The job specification and how to get it right
Every requirement starts with a thorough role specification or as we sometimes refer to it, a value proposition. This document can at times be overly lengthy, and can be full of technical jargon as well as unnecessary detail about the role. Ideally you would want to consolidate this information down to the essentials, so that no time is lost, and the risk of misinterpretation is minimised, when it is released to the recruitment partner.
The job specification should cover the following seven areas, be concise and focused but also provide enough information to entice the potential candidate to want to learn more.
- The organisation
- The team
- The role
- The role development
- Personal qualities required
- The compensation package
- Process & timescales
Candidates will want to see company size, history and key markets as standard information but this is also an excellent opportunity to share insight into the company values and vision. Strong candidates in particular respond to goals and vision of not only the company but also the division and the product. This information needs to be inspiring them so focus on the writing here.
The team structure and size, how does it fit into the wider organisation, who are the key people within the team, is there a specific culture, how does it match up with the rest of the firm, etc. These are things that a prospective employee would want to know about.
The role itself
What’s the reason for the vacancy? Is it a newly created role, are you replacing someone or is it one that’s been planned for the team in order to complement it with additional skills? What will the main duties of the role be? What’s the purpose of the role? What background should the successful candidate have and what previous achievements would be considered useful and which would be vital?
This part is useful to allow consultants to ‘sell’ the role to the candidate. We know many employees in the life science sector are driven by personal achievement, work related success and professional development, and so in order to draw the right kind of people in, this information is crucial. The stronger a candidate is the more they’re likely to go for something that offers exciting opportunities down the line.
What personal qualities are required?
This section sometimes requires a bit of thought. Sometimes the line manager fall into the trap of specifying someone who’s similar to them, or someone they like, which is not necessarily the best fit for the role. Most teams benefit from a breadth of personality profiles rather than ‘a bunch of people who’d get along in the pub’. Also, consider shaping the personal attributes to the role as well as the team and culture.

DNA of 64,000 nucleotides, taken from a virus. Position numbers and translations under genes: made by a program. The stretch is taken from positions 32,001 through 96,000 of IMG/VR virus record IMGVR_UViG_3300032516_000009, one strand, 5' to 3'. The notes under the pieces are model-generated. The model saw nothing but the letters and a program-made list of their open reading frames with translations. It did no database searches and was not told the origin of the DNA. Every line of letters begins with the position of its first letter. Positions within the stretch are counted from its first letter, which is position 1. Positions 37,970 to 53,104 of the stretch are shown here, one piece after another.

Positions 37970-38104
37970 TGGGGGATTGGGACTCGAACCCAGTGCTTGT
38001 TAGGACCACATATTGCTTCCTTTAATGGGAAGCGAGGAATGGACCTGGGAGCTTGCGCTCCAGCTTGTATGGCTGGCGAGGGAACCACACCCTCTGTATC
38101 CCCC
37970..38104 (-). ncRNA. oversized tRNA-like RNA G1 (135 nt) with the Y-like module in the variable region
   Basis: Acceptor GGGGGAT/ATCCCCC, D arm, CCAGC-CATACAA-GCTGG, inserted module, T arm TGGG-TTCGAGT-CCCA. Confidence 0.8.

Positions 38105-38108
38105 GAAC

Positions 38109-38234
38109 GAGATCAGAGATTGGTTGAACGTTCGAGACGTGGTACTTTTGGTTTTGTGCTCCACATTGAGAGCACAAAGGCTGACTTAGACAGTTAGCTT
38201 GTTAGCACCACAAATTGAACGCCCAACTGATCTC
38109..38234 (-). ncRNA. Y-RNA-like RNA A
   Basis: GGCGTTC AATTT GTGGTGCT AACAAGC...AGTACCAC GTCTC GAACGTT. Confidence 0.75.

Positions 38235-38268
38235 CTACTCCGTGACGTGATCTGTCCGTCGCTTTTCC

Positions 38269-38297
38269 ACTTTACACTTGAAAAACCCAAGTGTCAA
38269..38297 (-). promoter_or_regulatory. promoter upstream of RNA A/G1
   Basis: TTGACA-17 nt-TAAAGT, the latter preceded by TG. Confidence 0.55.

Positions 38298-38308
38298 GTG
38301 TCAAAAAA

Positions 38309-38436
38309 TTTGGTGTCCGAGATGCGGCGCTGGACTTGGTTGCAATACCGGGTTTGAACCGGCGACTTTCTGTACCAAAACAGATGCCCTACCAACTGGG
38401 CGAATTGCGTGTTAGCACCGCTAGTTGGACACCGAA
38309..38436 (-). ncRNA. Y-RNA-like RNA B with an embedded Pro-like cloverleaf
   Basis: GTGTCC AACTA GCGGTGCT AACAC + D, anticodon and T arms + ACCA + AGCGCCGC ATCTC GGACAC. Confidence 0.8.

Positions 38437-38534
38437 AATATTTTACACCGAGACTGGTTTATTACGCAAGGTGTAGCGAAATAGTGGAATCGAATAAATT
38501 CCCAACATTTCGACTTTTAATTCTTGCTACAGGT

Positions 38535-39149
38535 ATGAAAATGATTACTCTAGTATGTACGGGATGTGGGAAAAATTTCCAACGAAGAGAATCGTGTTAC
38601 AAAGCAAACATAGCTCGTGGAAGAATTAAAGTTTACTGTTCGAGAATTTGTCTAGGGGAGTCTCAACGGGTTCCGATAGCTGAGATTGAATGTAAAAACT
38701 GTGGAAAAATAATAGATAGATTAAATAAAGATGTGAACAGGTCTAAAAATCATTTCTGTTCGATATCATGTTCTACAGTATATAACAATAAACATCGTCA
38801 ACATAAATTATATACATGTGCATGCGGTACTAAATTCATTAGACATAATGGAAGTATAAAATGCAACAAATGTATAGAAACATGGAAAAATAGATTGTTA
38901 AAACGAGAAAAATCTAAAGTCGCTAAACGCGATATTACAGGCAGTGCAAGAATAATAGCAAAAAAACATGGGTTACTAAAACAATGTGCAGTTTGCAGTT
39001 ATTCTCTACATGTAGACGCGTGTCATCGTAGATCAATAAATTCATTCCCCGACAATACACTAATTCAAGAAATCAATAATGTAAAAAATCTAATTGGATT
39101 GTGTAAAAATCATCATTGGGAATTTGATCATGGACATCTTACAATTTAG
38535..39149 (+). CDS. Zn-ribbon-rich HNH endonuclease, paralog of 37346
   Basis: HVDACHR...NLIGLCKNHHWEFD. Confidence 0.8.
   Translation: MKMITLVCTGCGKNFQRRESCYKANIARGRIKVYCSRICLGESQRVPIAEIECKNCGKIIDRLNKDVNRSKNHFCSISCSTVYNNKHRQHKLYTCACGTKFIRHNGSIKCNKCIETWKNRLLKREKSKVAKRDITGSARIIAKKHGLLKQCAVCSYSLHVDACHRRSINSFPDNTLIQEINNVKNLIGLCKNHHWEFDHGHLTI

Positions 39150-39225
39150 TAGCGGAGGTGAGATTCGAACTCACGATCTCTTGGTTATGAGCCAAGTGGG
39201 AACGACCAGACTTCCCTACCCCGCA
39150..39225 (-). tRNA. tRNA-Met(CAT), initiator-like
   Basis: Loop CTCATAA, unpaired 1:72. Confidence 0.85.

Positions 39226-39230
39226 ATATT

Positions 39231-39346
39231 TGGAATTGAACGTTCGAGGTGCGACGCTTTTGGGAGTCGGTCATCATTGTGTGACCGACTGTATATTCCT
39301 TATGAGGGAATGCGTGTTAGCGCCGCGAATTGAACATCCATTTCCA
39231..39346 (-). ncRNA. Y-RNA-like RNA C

The Benefits package
It is important that the full benefits package is detailed. Sometimes the most insignificant detail could tip the candidate in favour of accepting the role. You do not want to necessarily reveal specifics about the cash component at this point but healthcare, pension/401K, holiday entitlement and other fringe benefits are a great selling point.
Recruitment process & timelines
This information is important to have at the outset of the recruitment process as it often needs to be relayed to the candidates. For a consultant to be able to share this information is not just likely to increase the likelihood of successfully build interest in a role and a company, but it’s also likely to make the company come across as professional and organised.
The information that you should try to include is how many stages the process will run, what the approximate timelines for the process are, who will be interviewing you and their positions within the company, and the location of the interviews.
There is of course other detail that could be included in the role specification but a lot of it would depend on the specific role, the seniority and the organisation itself, so would be difficult to advise on. Important to keep in mind though is the fact that the more accurate and professional every aspect of the recruitment process is, the better it would reflect on the organisation itself, increasing the likelihood of a successful hire, minimising risk to the hiring project and saving time and money.